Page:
It was February 2008 when Bahjo Mohamud Abdi received her first anonymous phone call. It was a man's voice asking her to confirm who she was. Abdi was a presenter and correspondent for the state radio in Somalia's semi-autonomous region of Puntland. Abdi confirmed her identity and thought no more about it. But then she received another anonymous phone call two hours later--informing her that she was talking to the "Somali Mujahadeen" and that they could see her in the local shopping center in downtown Baidoa.
Although young and one of the few women in the media business in Puntland, Abdi was rapidly becoming a veteran in the field having worked for different radio stations across Puntland and earlier as a reporter in Mogadishu. Radio Galkayo used shortwave signals and had a wide range across Puntland, Abdi told me. She often reported about attacks across the region and the insurgent Somali group, Al-Shabaab, did not like the negative coverage. Perhaps her worst crime, though, was the fact she was a woman working in the profession. Al-Shabaab diaspproves of women working, even in informal markets or within women's organizations. The only job for women that appears to be acceptable to them is joining their group as a militia.
After receiving the second phone call, Abdi panicked and called the local police for an escort to drive her home. Once she got home they called again. She switched her phone off. "When I finally got the courage to turn my phone on I had so many messages telling me to stop my work as a journalist," she said. "I started to loathe my own cell phone." After a week of hiding in the house, Abdi drove with a female friend to the center of town. Suddenly, the two women heard a loud bang behind them and saw a man running toward them. "We sped away before he could reach us," she said. "The woman next to me had shrapnel in her face. We somehow drove away, despite having a flat tire and the right hand door wide open." The two rushed to a local hotel and eventually received treatment in a hospital in Baidoa.
For months, Abdi could not work despite her active spirit. "Life was horrible," she remembers. "It was self-induced imprisonment." Then in October 2008, four armed men broke into her house, killing one man and injuring another. Abdi managed to escape and recognized one of the men as the one that targeted the car. She changed her SIM card in her cell phone, "but the calls kept coming," she said. After escaping and living in Mogadishu for a spell, Abdi found another job working for the Somali Broadcasting Corporation back in her hometown of Galkayo.
Despite her mother's pleas for her to stop working, Abdi stuck to it; she was after all one of the few breadwinners in the family. But then she decided to give her cell phone to her younger brother. He started receiving threatening calls, including one that said a government officer had been killed in Galkayo and that Abdi was next. There was nothing left for Abdi to do but leave her family behind and flee to neighboring Kenya.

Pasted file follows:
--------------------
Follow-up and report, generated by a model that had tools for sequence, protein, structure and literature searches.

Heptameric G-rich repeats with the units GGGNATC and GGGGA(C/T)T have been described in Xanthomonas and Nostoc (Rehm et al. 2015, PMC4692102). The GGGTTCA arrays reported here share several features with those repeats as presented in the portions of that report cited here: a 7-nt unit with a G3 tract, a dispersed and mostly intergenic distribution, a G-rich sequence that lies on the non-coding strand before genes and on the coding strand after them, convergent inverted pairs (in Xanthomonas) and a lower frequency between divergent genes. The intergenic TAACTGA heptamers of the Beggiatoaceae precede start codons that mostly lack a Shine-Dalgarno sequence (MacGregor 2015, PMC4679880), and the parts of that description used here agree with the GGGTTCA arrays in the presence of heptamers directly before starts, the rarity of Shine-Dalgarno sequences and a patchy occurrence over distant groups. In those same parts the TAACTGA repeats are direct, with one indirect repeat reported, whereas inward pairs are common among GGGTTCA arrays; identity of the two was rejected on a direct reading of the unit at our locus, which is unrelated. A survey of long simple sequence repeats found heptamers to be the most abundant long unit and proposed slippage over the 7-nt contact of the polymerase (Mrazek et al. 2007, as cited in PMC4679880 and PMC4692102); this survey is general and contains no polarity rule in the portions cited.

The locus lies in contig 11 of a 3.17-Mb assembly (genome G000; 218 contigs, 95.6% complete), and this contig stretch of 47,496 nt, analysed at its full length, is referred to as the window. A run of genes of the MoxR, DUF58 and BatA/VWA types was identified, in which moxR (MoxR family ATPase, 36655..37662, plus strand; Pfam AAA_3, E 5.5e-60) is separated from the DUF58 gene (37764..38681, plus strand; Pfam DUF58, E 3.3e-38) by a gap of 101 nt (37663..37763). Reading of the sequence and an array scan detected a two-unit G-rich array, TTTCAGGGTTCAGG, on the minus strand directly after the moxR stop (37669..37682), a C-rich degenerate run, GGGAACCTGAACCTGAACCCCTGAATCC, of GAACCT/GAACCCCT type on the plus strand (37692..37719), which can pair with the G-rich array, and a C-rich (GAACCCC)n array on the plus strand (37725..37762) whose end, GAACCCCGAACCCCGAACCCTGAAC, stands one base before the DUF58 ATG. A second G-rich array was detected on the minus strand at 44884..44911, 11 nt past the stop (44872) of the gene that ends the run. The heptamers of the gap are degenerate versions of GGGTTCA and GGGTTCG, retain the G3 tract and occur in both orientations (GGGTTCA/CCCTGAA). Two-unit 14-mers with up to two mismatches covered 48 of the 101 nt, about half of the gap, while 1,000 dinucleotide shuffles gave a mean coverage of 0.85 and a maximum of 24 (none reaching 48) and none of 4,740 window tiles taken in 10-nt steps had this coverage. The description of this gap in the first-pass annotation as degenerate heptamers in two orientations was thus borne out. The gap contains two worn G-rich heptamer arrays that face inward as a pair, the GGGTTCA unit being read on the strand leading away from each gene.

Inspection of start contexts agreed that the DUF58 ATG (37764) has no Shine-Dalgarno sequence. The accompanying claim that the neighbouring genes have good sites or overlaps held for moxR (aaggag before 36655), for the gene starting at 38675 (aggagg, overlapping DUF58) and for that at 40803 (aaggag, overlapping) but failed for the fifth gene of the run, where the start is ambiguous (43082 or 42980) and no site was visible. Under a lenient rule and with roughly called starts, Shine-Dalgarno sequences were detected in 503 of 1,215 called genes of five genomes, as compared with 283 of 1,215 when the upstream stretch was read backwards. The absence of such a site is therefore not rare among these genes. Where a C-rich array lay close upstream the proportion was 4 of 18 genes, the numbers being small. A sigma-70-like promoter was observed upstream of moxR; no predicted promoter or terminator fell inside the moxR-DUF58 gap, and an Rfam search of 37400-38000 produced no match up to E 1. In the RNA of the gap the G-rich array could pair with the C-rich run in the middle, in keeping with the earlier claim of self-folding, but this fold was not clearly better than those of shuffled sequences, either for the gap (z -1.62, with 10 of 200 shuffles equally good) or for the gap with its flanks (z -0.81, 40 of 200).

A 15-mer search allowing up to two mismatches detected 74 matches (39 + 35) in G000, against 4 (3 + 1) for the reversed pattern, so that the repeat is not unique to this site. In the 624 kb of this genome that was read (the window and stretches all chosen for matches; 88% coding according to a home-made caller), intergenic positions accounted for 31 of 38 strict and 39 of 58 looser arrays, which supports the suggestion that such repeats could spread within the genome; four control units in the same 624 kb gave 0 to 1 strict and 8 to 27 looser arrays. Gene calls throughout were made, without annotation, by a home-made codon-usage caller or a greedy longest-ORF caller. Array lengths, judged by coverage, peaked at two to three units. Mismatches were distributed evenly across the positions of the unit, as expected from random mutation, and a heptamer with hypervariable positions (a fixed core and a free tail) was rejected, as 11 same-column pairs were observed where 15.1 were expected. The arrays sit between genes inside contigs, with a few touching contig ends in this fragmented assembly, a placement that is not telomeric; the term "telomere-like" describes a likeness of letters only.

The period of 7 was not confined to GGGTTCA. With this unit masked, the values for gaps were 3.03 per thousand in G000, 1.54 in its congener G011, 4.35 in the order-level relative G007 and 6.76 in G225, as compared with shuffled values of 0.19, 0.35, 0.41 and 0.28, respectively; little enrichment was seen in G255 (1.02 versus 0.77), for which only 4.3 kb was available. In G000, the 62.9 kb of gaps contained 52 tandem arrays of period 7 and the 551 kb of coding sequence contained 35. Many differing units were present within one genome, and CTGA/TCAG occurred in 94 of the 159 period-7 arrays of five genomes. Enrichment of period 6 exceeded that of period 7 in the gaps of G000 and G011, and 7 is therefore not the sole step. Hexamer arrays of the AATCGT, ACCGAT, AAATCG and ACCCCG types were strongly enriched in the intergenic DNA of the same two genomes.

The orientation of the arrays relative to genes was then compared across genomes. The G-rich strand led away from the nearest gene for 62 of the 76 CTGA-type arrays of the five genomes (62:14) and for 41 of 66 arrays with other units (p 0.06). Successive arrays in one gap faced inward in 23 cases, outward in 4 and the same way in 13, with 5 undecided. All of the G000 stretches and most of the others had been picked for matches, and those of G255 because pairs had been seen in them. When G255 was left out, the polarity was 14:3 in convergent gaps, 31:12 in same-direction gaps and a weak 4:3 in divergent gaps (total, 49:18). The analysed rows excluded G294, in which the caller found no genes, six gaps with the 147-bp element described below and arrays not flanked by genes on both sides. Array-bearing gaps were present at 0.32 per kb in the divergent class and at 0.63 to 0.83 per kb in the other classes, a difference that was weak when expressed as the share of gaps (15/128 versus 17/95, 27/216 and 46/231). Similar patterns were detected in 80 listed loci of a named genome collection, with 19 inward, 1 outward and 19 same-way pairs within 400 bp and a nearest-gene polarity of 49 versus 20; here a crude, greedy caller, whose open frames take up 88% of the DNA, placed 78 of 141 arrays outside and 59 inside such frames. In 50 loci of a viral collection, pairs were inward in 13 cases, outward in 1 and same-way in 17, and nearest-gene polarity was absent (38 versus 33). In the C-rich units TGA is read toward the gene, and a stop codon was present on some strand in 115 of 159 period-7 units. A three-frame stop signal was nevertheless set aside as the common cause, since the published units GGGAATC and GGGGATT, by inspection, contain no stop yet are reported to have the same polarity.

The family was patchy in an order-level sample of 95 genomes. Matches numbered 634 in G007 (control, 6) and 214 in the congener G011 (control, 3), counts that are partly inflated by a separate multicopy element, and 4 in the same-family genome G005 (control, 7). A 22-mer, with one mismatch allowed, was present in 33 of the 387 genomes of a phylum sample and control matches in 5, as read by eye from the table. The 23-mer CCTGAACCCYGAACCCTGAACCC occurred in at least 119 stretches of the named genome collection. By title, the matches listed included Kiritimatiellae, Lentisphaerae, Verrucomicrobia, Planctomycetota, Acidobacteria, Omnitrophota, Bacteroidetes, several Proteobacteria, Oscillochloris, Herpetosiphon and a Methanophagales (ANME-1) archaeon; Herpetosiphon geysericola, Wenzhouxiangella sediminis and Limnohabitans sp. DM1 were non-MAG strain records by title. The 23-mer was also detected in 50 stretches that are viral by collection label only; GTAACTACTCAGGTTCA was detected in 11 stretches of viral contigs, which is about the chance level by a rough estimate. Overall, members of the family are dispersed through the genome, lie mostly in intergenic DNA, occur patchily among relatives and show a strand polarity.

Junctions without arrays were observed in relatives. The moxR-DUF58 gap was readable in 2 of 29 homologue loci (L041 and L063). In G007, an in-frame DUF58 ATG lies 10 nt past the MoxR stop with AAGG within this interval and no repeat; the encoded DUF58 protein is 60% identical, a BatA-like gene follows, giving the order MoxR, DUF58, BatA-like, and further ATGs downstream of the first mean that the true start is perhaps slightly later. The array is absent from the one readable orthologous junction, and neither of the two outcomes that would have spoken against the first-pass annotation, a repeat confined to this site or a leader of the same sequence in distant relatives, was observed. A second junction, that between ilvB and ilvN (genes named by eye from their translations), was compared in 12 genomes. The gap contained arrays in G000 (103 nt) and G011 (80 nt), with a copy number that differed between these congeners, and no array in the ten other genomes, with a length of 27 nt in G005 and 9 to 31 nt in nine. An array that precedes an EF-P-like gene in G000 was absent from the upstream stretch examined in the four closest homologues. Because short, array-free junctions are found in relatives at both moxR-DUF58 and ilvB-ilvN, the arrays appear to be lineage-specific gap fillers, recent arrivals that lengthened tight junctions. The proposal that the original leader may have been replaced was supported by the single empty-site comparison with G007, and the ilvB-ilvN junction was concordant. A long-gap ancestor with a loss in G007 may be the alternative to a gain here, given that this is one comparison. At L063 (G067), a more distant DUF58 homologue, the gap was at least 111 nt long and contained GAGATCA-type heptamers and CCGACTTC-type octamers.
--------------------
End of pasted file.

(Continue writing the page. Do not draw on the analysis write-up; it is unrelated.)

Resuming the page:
In September 2009, Abdi took a 10-day trip across the border to Garissa, Keny,a in an overcrowded land cruiser. Traveling from Galkayo in Puntland to Garissa in northeast Kenya, she started life in Kenya in a refugee camp. "But I couldn't work in the camp," she said. "You can't do anything, and the Al-Shabaab were active in the camps. I was scared and moved to the city." Kenyan police demanded a bribe along the journey to Kenya's capital, Nairobi, and Abdi found herself penniless in a busy, cosmopolitan city.
Like most Somali refugees, Abdi ended up living in the
chaotic, bustling part of Nairobi known as Eastleigh, where many Somalis eke
out a living by pooling their resources together. Abdi and her friend--the same
girl injured in the car attack in Baidoa--now live together in a tiny room.
Despite their meager surroundings, the room costs them $160 per month. The
influx of Somali refugees escaping the war back home has created a demand for
living space and many landlords are taking advantage of the crisis--Eastleigh is
now awash with residential centers and apartments originally meant for one
family now divided into two.
But the costs are not the skyrocketing rent and utility bills alone. Police often prey on refugees to demand bribes or face illegal arrests. "Sometimes you cannot tell the difference between the pickpockets and the police," said Mohamed Abdi Elmi, a former Somali journalist and Eastleigh resident who has now left the area. As tensions between Kenya and Somali insurgents increase, security crackdowns on Somalis in Eastleigh are also on the rise. "Once you would see people chatting, going about their business in the streets in Eastleigh in the evenings," a local shopkeeper, Abdullahi Said, told me. "But now after 6 p.m. the streets are deserted. Everyone is too scared of the police, other Somalis, etc. Everyone just locks themselves inside."
Although less frequent, Abdi still receives threatening text messages and even emails informing her that they know of her whereabouts. While safer than Mogadishu, she still feels unsafe in Nairobi and is even considering moving again. "I feel that the circumstances I am in right now in Nairobi are very much similar to that I have fled in Somalia," she told CPJ. Abdi says she would like to jump back into journalism, but with language barriers and the ongoing threats, she would simply not dare to try.
We learned of Abdi's case in 2010 and have assisted her as she struggles to survive and stay safe in Nairobi. CPJ has assisted more than 10 Somali journalist cases throughout 2010 and continues to seek ways to help the ever-growing number of exiled Somali journalists as they flee persecution back home.